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Brazilian Journal of Poultry Science

Print version ISSN 1516-635XOn-line version ISSN 1806-9061

Rev. Bras. Cienc. Avic. vol.6 no.2 Campinas Apr./June 2004 

Albumen foam stability and s-ovalbumin contents in eggs coated with whey protein concentrate1



Alleoni ACCI; Antunes AJII

ICNPq Fellowship
IIUniversidade do Norte do Paraná, UNOPAR, Londrina - PR, Brazil





Food products such as breads, cakes, crackers, meringues, ice creams and several bakery items depend on air incorporation to maintain their texture and structure during or after processing. Proteins are utilized in the food industry since they improve texture attributes through their ability to encapsulate and retain air. The objectives of this work were to quantify s-ovalbumin contents in albumen and to determine alterations in egg white foam stability in fresh eggs, and in eggs coated and non-coated with a whey protein-based concentrate film (WPC), stored at 25°C for 28 days. The volume of drained liquid was higher in non-coated eggs than in coated eggs stored at 25°C at all storage periods. The difference on the third day of storage was in the order of 59% between coated and non-coated eggs, while on the twenty-eighth day it was 202%. During the storage period, an increase in pH and drainage volume was observed for non-coated eggs. After three days, the non-coated eggs showed a s-ovalbumin content 33% higher than coated eggs; this increase jumped to 205% at 28 days of storage. There was a positive correlation between s-ovalbumin content and the volume of drained liquid for coated and non-coated eggs; in other words, when the s-ovalbumin content increased, there was an increase in the volume of drained liquid and a decrease in foam stability. WPC coating maintain egg quality, since it is an effective barrier against the loss of CO2, avoiding changes in the pH of egg white.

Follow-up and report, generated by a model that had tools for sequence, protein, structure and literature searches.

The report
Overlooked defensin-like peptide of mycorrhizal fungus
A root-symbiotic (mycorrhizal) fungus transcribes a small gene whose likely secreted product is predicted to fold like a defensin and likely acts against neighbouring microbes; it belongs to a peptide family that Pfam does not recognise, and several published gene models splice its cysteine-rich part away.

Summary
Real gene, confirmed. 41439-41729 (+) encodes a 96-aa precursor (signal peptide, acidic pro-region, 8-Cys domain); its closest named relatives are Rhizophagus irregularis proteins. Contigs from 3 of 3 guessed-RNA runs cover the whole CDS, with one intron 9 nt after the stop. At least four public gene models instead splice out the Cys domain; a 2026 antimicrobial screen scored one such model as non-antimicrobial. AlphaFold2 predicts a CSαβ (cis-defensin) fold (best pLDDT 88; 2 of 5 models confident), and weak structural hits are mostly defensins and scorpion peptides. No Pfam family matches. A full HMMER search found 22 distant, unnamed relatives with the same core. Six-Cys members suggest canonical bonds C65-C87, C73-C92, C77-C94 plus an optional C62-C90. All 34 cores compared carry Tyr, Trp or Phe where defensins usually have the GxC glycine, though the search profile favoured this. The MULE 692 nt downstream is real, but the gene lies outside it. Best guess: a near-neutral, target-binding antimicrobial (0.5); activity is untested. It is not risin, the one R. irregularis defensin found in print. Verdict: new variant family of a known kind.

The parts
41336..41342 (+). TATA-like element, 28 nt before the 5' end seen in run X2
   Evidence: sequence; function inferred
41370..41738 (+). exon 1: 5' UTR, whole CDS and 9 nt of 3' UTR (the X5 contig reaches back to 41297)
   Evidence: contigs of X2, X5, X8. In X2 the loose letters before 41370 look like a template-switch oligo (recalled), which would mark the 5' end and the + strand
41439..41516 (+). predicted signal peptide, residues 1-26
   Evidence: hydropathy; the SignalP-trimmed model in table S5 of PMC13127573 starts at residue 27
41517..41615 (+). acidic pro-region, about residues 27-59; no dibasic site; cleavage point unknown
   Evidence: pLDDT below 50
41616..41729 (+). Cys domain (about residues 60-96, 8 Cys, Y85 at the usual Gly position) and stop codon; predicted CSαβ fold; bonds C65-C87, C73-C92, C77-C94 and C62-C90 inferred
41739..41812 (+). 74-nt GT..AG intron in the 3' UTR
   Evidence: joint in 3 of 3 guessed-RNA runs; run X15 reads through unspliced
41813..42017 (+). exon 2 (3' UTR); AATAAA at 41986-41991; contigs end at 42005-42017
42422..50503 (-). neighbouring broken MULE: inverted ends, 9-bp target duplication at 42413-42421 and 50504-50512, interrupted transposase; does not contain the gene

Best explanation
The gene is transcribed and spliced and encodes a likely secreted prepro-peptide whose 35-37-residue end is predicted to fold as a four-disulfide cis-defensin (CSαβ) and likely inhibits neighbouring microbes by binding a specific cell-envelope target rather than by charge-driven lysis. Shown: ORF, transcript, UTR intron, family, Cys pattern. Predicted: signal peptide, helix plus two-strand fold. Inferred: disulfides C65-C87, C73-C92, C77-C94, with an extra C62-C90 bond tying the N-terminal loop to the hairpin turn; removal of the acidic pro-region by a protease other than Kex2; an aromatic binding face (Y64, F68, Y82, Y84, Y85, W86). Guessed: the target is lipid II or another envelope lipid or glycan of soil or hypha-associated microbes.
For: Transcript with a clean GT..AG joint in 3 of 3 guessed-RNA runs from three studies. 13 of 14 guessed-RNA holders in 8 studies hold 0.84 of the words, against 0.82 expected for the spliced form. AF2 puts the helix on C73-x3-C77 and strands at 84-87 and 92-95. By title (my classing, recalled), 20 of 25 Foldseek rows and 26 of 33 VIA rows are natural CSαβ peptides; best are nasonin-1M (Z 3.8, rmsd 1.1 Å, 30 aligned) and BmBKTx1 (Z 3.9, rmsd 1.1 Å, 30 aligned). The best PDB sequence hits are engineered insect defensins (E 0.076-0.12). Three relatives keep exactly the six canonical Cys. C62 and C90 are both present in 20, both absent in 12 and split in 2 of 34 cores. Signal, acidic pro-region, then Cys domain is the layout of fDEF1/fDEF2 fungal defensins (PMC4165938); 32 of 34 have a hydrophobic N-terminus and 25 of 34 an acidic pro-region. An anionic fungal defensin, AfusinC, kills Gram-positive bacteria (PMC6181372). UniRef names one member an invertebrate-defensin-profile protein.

Keywords: Albumen foam, albumen proteins, s-ovalbumin, protein coating.




Foams are used in the food industry in the manufacture of breads, cakes, crackers, meringues, ice creams, and several other bakery products (Pernell et al., 2002). These food products depend on air incorporation to maintain their texture and structure during or after processing. Proteins encapsulate and retain air, improving desirable textural attributes (Phillips et al., 1994). Proteins form and stabilize foam due to their amphilic behavior (polar/non-polar) (Du et al., 2002).

Foaming properties of albumen are affected by several factors, such as protein concentration (Britten & Lavoie, 1992), composition (Johnson & Zabik, 1981), pH (Hammershfj et al., 1999), ionic strength (Kato et al., 1983), intermolecular interactions (Kinsella, 1984), heating, presence of salts, and composition of the liquid phase (Du et al., 2002), which may change the configuration and the stability of protein molecules. These changes might affect the formation of the film and its properties on the interface, thus modifying foaming properties (Du et al., 2002).

Egg white is a mixture of proteins that possess excellent foaming properties, since each of its components performs a specific function. Globulins facilitate foam formation, while the ovomucin-lysozyme complex (Cotterill & Winter, 1955) confers stability to the foam, and both ovalbumin and conalbumin are heat-related (Yang & Baldwin, 1995). Conalbumin, lysozyme, ovomucin, and ovomucoid alone have little or no foaming ability, but the interaction between lysozyme and globulin is important to foam formation (Johnson & Zabik, 1981).